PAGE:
High-Rise Buildings Call for High Safety Standards
To firefighters, just as the tenants of a high-rise structure, time is of utmost importance when a fire breaks out. According to experts, if fire department response is 15 minutes or more in this type of setting, it’s likely that the fire will quickly advance to where firefighters can only control the burn from inside the stairways. “After 15 minutes of response time for a fire in a high-rise building, firefighters may discover the fire is too large to extinguish. The fire spreads out of the room along the ceiling and forces them to withdraw off the floor out into the stair enclosure” (Iklim Ltd. STI, an Ankara, Turkey-based contractor, www.iklimnet.com).
Therefore, it is imperative that the fire alarm control panel in a high-rise building quickly detect developing fires, interface properly with fire safety protection systems and notify a central station or remote supervising station of some kind as quickly as possible so firefighters can be swiftly dispatched to the scene. Panels Control Safety Functions
Historically, the proper operation of fire safety systems is of special importance to the high-rise community when a fire takes place. The alarm control panel used in this setting must be capable of full or partial integration with the various fire protection functions. “One of the most important aspects of installing fire alarm systems in high-rise buildings is the interface of fire safety control systems with the fire alarm control panel,” says Tim Creenan, fire engineer with Amherst Alarm Inc. of Amherst, N.Y.
Fire safety functions involve a number of systems that act together to increase the chances of survival among the occupant/resident population. “Examples include door holders, HVAC shutdown, smoke dampers and smoke control systems,” says Creenan. The idea is to quickly and efficiently compartmentalize such a facility when a fire is detected. Electric door holders are designed to automatically close when a fire is detected. Fire dampers contained in ductwork must also be closed to limit the future spread of smoke. Additional fire safety functions often include stair pressurization equipment; the unlocking of stairway doors to allow rapid, ready egress; the control of emergency lighting; and the deactivation of electric locking mechanisms as found in access control and other types of door control systems.
Provisions and properly engineered and listed hardware must be inherent in the fire alarm control panel in order to make all of these things happen. HVAC, Smoke Control Is Imperative
Another aspect associated with control panel design and performance is HVAC system control. Systems contained in a typical high rise must either be shut down or reversed in order to remove smoke, all of which must be part of the integral design of the HVAC system.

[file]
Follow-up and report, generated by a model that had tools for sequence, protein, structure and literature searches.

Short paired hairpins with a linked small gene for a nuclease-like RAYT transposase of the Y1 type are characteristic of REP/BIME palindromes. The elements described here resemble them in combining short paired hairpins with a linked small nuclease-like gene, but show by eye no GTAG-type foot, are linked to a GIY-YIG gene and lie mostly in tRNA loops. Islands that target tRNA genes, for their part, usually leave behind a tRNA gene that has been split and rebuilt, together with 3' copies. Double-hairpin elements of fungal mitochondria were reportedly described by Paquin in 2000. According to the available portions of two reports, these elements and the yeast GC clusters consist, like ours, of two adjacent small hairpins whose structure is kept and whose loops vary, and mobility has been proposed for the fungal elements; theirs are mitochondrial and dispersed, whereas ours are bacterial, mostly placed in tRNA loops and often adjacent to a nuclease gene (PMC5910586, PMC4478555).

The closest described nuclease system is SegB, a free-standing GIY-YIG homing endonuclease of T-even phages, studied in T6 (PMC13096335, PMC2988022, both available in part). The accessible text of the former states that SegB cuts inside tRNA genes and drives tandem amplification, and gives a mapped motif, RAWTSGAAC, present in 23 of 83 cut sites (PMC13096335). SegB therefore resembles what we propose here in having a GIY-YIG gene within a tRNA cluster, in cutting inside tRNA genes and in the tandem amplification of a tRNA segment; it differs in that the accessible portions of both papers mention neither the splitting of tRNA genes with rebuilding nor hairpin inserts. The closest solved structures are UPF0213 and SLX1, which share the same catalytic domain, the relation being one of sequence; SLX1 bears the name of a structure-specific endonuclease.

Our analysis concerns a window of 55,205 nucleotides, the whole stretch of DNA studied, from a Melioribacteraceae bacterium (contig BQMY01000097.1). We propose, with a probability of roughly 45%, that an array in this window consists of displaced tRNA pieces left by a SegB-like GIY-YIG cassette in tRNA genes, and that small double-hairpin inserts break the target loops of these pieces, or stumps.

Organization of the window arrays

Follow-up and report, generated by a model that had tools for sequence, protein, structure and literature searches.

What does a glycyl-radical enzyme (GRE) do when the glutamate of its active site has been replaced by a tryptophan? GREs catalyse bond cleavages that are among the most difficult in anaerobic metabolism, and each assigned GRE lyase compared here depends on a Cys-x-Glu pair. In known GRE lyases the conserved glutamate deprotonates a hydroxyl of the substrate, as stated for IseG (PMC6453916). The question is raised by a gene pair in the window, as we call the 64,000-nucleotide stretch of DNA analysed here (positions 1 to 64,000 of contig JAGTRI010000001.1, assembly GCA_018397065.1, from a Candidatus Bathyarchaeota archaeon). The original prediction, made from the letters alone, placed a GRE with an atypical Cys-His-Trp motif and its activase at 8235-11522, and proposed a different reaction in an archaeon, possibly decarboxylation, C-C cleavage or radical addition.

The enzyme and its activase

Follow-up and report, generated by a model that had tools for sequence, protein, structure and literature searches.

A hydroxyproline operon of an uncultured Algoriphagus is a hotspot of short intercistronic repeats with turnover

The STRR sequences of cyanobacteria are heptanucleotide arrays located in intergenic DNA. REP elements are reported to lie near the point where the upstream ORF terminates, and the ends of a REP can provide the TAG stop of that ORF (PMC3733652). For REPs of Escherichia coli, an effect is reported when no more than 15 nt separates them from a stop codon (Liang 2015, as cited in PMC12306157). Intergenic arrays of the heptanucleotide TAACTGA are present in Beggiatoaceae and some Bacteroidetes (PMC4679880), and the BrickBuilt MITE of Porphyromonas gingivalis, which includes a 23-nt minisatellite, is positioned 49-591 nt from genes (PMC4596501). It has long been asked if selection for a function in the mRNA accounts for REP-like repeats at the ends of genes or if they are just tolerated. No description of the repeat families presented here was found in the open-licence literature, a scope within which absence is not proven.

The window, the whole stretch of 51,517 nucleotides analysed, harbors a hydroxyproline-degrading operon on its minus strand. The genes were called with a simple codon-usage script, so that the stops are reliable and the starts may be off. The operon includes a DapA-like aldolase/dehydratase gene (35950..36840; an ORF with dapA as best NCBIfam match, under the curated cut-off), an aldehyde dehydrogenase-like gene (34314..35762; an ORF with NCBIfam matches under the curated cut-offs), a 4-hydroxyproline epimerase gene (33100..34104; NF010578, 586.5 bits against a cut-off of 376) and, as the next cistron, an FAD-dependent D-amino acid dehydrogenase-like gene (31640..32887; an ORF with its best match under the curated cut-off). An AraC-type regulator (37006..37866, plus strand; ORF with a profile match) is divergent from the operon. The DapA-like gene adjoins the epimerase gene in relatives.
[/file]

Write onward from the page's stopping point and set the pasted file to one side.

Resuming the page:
Frankly, if a failure should occur between the control panel outputs and the HVAC system, wholesale death and injury can easily result, as took place at the MGM Grand hotel and casino in Las Vegas in 1980.
“It was just after 7 a.m.; they (the tenants) might have been asleep, still groggy. They may have retained a semblance of calm, awaiting rescue. But they were doomed anyway, doomed by the very thing that made mass tourism possible in Las Vegas: air conditioning. It filtered out the smoke but pumped deadly carbon monoxide, a silent killer, into their rooms” (www.iklimnet.com).
The MGM fire resulted in 84 deaths, 679 injuries and more than $300 million in property damage. It also changed the way high-rise buildings are constructed and how fire protection systems are installed.
To assure the proper operation of inherent fire safety functions, a fire alarm control panel must be equipped with a number of auxiliary relays, usually made available by output modules that come with one, four, eight or more Form C relays. Using the right relay module is also important so the relay contacts provide the correct current carrying capacity. When dealing with a common control circuit in another building subsystem, such as a fan or HVAC controller, a low-current relay will usually suffice. A heavy-duty relay module, however, is required when a relatively large current must be controlled, as is often the case when supplying power to a fan motor or controlling emergency lighting. Voice Evacuation Required by Code
According to NFPA 101, 2000 Edition, high-rise buildings require the use of a voice evacuation system. Section 18.104.22.168 says, “A fire alarm system using an approved, emergency voice/alarm communication system shall be installed in accordance with Section 9.6.”
Creenan says when voice evac is part of the fire alarm control panel design, the software programming includes features you may not realize with the add-on approach. One example is the ability to send different messages to different floors based on input from field devices.
“Such special programming features include the ability to send one message to the occupants on the floors below and above and still another message to those on the floor where the fire is,” he says.
This capability is valuable in situations where the situation does not warrant evacuating everyone in the building. It’s also possible to order the evacuation of the occupants in a gradual manner, avoiding injury and death in congested, packed stairways and hallways.
Add-on voice evacuation systems are also available for retrofit applications. This is especially helpful when working with existing fire alarm systems that are still viable and not yet in need of replacement. In this case, the audible portion of the system’s conventional notification appliance devices must be converted into audio circuits with speaker notification devices.
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